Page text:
I'm starting to detect a distinct trend of feel-good, slightly religious bhangra songs these days. Gurminder Guri has done this with his latest album and here's a catchy song from Kaka Zaildar.
Friday, February 26, 2010
Thursday, February 25, 2010
I got to hear one of the members from the Gurmat Gian Group perform Kirtan last year at a Sikh retreat and I was amazed by her beautiful voice. Based in Ludhiana, the Gurmat Gian Group is composed of three young Sikh women, Gurpreet Kaur, Keerat Kaur, and Japjit Kaur.
They have released several CDs and produce great videos of the shabads they sing, complete with the Gurbani and scenes of nature. You can read more about the group in this article.
Rather than describe their music, listen for yourself. Here are their videos on Youtube.
Wednesday, February 24, 2010
CALL FOR SUBMISSIONS
MAMA SAYS GOOD GIRLS MARRY DOCTORS
Retaining Control, Negotiating Roles:
South and East Asian Diasporic Women and their Parents
Editors: Piyali Bhattacharya and Josephine Tsui
Submission Deadline: July 1, 2010
Visit the website: http://goodgirlsmarrydoctors.webs.com/
Are you a good girl? You know what we mean: you listen to your parents, there’s no
gossip about you in the “community.” Or are you a bad girl? Were you caught smoking in high school? Did you marry that white boy against your parents’ wishes?We ask you to contribute your story to a forthcoming volume: “Mama Says Good Girls Marry Doctors.” This book focuses on the pressures on South and East Asian women who have grown up in North America to be “good girls.” It seeks to collect the stories of such women, and their traumas, victories, and defeats as they face the control that their immigrant parents try to exercise over them in relation to the choice of a partner, or a career, or their freedom. We want to know how negotiating these pressures affects young Asian diasporic women, their relationship to feminism, to their parents and to their partners or siblings.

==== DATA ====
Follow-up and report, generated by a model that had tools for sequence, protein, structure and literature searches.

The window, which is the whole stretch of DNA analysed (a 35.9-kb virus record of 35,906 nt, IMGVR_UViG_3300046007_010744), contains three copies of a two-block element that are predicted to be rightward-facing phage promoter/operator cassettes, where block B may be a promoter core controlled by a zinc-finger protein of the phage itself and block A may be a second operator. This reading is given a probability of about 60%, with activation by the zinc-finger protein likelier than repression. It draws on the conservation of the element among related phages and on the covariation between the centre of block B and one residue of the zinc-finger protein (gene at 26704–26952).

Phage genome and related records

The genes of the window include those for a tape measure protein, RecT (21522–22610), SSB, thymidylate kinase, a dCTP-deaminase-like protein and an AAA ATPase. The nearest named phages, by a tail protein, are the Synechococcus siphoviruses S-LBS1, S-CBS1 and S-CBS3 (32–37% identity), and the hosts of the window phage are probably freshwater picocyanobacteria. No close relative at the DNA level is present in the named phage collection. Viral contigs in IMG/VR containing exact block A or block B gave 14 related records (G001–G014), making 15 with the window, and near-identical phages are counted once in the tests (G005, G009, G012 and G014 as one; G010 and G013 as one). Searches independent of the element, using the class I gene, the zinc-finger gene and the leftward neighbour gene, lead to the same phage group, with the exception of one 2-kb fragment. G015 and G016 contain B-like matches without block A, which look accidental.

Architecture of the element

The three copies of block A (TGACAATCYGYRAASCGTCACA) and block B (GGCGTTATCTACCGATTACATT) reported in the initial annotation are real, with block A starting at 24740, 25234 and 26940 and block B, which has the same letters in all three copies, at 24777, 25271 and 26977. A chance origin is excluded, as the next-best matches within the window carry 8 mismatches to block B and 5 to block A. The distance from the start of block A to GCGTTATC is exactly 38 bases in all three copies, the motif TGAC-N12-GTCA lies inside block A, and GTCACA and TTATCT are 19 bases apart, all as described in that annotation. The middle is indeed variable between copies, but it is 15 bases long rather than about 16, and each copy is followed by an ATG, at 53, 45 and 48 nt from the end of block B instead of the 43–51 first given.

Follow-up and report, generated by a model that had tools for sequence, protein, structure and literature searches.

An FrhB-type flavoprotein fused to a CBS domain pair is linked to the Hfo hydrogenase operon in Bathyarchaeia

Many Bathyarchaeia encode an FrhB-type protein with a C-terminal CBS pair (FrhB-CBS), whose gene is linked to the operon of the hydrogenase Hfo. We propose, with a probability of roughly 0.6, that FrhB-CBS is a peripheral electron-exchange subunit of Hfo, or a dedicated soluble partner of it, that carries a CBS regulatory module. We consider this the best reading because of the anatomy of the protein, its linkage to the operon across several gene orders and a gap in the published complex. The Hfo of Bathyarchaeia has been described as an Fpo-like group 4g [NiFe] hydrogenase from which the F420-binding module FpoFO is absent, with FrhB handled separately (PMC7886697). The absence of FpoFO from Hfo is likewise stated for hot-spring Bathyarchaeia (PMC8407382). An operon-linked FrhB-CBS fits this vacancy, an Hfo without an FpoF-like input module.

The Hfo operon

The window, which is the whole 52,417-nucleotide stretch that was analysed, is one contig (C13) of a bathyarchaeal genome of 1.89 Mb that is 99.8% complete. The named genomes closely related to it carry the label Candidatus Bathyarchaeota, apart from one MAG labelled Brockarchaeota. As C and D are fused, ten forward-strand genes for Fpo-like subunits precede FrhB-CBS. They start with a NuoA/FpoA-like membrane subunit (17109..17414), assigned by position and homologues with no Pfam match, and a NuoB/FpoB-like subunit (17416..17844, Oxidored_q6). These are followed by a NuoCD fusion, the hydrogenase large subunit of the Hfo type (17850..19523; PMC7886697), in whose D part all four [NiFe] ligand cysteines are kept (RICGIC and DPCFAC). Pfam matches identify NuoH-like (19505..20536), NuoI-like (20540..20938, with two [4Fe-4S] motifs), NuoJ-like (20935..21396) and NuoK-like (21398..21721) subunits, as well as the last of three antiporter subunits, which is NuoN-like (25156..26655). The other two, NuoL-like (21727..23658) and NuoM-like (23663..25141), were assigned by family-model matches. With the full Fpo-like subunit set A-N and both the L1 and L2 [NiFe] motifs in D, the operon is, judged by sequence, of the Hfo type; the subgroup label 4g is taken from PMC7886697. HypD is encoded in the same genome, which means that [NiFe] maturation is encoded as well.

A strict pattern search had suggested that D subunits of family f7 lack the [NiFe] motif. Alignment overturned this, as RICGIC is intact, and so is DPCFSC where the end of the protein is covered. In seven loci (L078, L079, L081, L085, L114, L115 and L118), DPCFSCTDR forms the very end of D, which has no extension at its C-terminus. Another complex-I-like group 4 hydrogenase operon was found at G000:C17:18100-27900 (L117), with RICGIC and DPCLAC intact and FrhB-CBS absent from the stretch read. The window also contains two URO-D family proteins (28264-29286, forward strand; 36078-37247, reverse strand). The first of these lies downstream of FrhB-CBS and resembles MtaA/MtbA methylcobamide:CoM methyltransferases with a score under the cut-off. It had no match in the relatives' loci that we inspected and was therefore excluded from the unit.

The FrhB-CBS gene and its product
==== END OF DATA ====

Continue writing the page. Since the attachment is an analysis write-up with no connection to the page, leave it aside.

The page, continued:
We DO NOT seek academic essays, but creative non-fiction pieces, narratives,
reflections and personal histories and memoirs. You can tell your own story or that of a friend or relative. As Asian women who have experienced such issues ourselves, we want this volume to bring a range of stories out in the open and available to other women who are facing the same issues.
Your essay might focus on one of the following:
- How did your battle with your parents affect the way you viewed them, either immediately after any given incident, or retrospectively many months or years later? How did it affect the way they viewed or treated you?
- Is there a difference in the way your parents treat you versus your brother? Has it made a difference if you are an older or a younger sibling? Has your parents’ treatment of you affected the way you interact with your siblings?
- What were the creative ways in which you dealt with negative reactions from your parents about your partner, career, parenting skills, or any other issue?
- Have your friends outside your family or community been unable to understand the pull or responsibility you feel toward your parents? How have you dealt with this?
- Have you found that your economic class differentiates your experience from what is considered the “norm” or from other women from your ethnic/cultural community?
- Have you ever felt like your life decisions in regard to your parents have compromised or altered your feminism?Of course, these are by no means the only questions we are focusing on. We want to hear your unique story. We are looking for women who have undergone interesting processes of self-discovery and want to hear about how these women have chosen unique ways in which to handle negotiations with their parents, and about the outcomes of their various efforts.
We want to hear your voice and your story!
Send all submissions (3,000 – 4,000 words) to: email@example.com by JULY 1, 2010.
Sunday, February 21, 2010
Saturday, February 20, 2010